PROJECT TITLE: Turbulence and Mixing Studies in GLOBEC on
Georges Bank

INVESTIGATORS: Neil S. Oakey, Bedford Inst. of Oceanography
D.L. Hebert, University of Rhode Island

GRANT PERIOD: Oakey: October 1, 1994 to September 30, 1996
Hebert: October 1, 1995 to September 30, 1996


The objectives of the study are to understand (a) the physical
processes that control stratification on Georges Bank and (b) the
relationships between stratification variability and the critical
life parameters for the local zooplankton and larval fish
populations. In particular the specific objective of the mixing
studies is to understand the importance of turbulence in the
development of stratification.


One of the most frequently cited oceanographic features
contributing to high biological production on Georges Bank are
enhanced vertical mixing rates at the Bank edges resulting in an
enhanced flux of nutrients over the sides of the Bank. Estimates
of mixing can be obtained from the measurement of temperature and
velocity microstructure (turbulence) and calculating vertical
diffusivities of heat, mass and momentum. Two sites were chosen on
the southern flank of Georges Bank for the field study, one in the
"mixed" region of the bank in a depth of 44 meters and a second in
much more stratified region near the site of the main
stratification mooring, ST1, in a depth of 76 meters. Each site
was studied on two cruises in the spring of 1995 separated by about
six weeks to observe the development of stratification. This gives
us turbulent mixing data in the framework of the larger scale
picture on the southern flank of Georges Bank to complement the
results that we have from similar studies done in 1988 on the
northern side of Georges Bank.

The principle measurements of the small-scale turbulence
studies were a series of microstructure profiles from near the
surface to the bottom using the profiler EPSONDE while at anchor
for several semi-diurnal tidal periods at each of the two sites.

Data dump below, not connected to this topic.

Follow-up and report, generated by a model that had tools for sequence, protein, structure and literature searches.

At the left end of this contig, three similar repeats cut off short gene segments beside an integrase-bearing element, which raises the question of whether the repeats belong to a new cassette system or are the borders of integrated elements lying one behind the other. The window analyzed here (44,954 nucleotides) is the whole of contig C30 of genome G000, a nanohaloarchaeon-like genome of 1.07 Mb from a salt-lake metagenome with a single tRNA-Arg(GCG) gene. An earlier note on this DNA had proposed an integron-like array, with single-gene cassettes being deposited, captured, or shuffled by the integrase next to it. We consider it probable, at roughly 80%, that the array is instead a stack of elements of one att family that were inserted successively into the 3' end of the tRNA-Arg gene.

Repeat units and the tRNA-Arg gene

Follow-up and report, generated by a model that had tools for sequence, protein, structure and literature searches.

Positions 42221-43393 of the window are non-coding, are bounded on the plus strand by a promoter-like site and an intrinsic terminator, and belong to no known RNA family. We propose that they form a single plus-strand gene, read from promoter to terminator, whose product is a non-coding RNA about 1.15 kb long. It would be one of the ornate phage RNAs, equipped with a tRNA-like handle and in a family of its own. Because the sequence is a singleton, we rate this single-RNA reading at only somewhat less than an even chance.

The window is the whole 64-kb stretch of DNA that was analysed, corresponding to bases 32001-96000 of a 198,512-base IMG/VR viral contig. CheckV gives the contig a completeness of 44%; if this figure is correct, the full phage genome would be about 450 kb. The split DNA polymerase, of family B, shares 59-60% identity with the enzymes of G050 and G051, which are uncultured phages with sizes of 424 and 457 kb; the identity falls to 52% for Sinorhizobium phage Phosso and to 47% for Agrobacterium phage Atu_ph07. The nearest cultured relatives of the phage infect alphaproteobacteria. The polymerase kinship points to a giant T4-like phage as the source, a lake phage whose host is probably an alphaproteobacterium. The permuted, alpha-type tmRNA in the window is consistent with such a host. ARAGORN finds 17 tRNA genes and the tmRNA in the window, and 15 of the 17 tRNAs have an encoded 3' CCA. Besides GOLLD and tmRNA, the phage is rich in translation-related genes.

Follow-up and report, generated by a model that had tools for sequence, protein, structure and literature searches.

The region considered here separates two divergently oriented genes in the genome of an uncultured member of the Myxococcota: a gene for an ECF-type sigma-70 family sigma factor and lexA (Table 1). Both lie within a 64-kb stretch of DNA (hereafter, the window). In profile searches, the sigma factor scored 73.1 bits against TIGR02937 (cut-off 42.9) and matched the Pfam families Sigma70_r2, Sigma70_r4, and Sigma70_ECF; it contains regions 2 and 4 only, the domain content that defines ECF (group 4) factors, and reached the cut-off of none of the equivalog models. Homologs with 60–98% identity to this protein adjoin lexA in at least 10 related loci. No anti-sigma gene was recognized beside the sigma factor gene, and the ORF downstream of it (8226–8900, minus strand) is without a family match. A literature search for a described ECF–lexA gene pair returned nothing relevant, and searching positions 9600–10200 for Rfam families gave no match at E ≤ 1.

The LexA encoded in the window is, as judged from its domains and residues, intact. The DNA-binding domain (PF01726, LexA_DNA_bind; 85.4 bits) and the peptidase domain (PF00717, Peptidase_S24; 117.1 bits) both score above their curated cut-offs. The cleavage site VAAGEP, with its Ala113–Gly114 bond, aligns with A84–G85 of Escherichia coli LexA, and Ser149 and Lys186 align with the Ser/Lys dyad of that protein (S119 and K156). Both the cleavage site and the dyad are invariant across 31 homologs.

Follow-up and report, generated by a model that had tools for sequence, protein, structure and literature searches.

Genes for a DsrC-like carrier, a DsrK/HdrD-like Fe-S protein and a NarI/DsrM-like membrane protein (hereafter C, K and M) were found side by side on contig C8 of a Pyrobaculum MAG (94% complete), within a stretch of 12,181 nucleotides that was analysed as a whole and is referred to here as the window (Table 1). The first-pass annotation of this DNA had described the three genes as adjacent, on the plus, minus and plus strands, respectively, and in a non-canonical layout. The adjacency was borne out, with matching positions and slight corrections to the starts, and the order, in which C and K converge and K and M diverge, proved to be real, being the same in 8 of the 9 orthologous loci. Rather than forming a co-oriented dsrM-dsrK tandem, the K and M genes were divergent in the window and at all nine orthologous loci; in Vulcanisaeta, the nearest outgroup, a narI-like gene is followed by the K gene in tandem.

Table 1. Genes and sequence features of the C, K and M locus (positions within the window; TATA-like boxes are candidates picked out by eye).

Both sites were studied on two cruises from the R/V Seward Johnson,
the first from April 25 to May 3, 1995 and the second from June 6June 16, 1995. The microstructure measurements were obtained
using the profiler EPSONDE. This is a tethered-free-fall
microstructure profiler approximately 2.2 meters long by 0.15
meters in diameter which measures temperature microstructure using
fast thermistors and thin-film thermometers and velocity
microstructure (turbulence) using shear probes. The instrument is
deployed from a ship using a thin tether line which also acts as
the data link and obtains useful data in a profile from about five
to eight meters from the surface to within 10 cm from the bottom
where the instrument is stopped by a guard which protects the
probes. It also measures temperature, conductivity and depth.
Using standard analysis techniques these data yield dissipation and
Chi-Theta and derived quantities such as Cox-Number, turbulent heat
flux, and diffusivities.

In addition to the microstructure studies, we made almost
continuous measurements of water velocity using two broad band
ADCPs (a 600 kHz and a 150 kHz) while on station. This will
provide the velocity framework to help interpret the mixing
measurements. Also, frequent CTD profiles, with a fluorometer and
transmissometer were made on both cruises. During the second
cruise, Lew Incze took chlorophyll-a samples for calibration of the
fluorometer. As well, during the second cruise, Mark Berman and
Jack Green made vertical profiles of zooplankton abundance using